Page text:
2. 3x NodeBalancers, one each in London, Tokyo and California
  3. 1x user-facing general web address
  4. 3x continent-facing web addresses

I’m going to use “” wherever I refer to my DNS / domain. You should substitute your domain name wherever you see it.

So, firstly log in to Linode.

Create three new Linode 1024 small VPSes (or whatever size you think you’ll need). I set mine up as Ubuntu 12.04 LTS with 512MB swap but otherwise nothing special. Set one each to be in London, Tokyo and Fremont. Set the root password on each. Under “Settings”, give each VPS a label. I called mine vps-<city>-01. Under “Remote Settings”, give each a private IP and note them down together with the VPS/data centre they’re in.

At this point it’s also useful (but not strictly necessary) to give each node a DNS CNAME for its external IP address, just so you can log in to them easily by name later.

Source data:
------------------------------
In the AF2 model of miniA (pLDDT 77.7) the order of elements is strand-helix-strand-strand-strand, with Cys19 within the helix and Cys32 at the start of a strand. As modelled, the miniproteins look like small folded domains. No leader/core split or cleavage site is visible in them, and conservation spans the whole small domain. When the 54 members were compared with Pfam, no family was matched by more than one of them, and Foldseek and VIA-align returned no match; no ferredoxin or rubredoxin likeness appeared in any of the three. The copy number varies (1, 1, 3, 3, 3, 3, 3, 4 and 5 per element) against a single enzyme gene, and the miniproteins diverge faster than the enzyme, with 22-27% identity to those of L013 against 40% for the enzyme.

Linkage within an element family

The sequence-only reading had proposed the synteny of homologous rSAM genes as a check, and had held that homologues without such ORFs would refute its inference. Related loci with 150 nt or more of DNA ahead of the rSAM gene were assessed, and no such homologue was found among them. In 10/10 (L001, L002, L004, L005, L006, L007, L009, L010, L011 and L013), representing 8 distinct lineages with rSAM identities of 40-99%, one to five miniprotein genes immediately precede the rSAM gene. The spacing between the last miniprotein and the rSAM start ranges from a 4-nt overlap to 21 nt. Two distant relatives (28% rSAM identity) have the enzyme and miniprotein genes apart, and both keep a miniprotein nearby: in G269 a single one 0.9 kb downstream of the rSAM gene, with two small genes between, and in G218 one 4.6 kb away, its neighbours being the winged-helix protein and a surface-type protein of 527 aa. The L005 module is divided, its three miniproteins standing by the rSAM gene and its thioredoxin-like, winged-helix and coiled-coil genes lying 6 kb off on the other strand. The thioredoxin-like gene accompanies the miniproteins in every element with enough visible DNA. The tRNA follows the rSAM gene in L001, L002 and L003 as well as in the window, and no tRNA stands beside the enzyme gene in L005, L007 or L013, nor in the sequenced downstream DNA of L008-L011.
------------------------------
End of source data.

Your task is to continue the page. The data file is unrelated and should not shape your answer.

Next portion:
Boot all three machines and check you can login to them. I find it useful here to do an

apt-get update ; apt-get dist-upgrade.

You can also now install Apache and mod_geoip on each node:

apt-get install apache2 libapache2-mod-geoip
a2enmod include
a2enmod rewrite

You should now be able to bring up a web browser on each VPS (public IP or CNAME) in turn and see the default Apache “It works!” page.

Ok.. still with me? Next we’ll ask Linode to fire up three NodeBalancers, again one in each of the data centres, for each VPS. I labelled mine cdn-lb-<city>-01. Each one can be configured with a Port, 80 with, for now, the default settings. Add a host to each NodeBalancer with the private IP of each VPS, and the port, e.g. . Note that each VPS hasn’t yet been configured to listen on those interfaces so each NodeBalancer won’t recognise its host as being up.

Ok. Let’s fix those private interfaces. SSH into each VPS using the root account and the password you set earlier. Edit /etc/network/interfaces and add:

auto eth0:1
iface eth0:1 inet static
	address <VPS private address here>
	netmask <VPS private netmask here>

Note that your private netmask is very unlikely to be (probably) like your home network and yes, this does make a difference. Once that configuration is in, you can: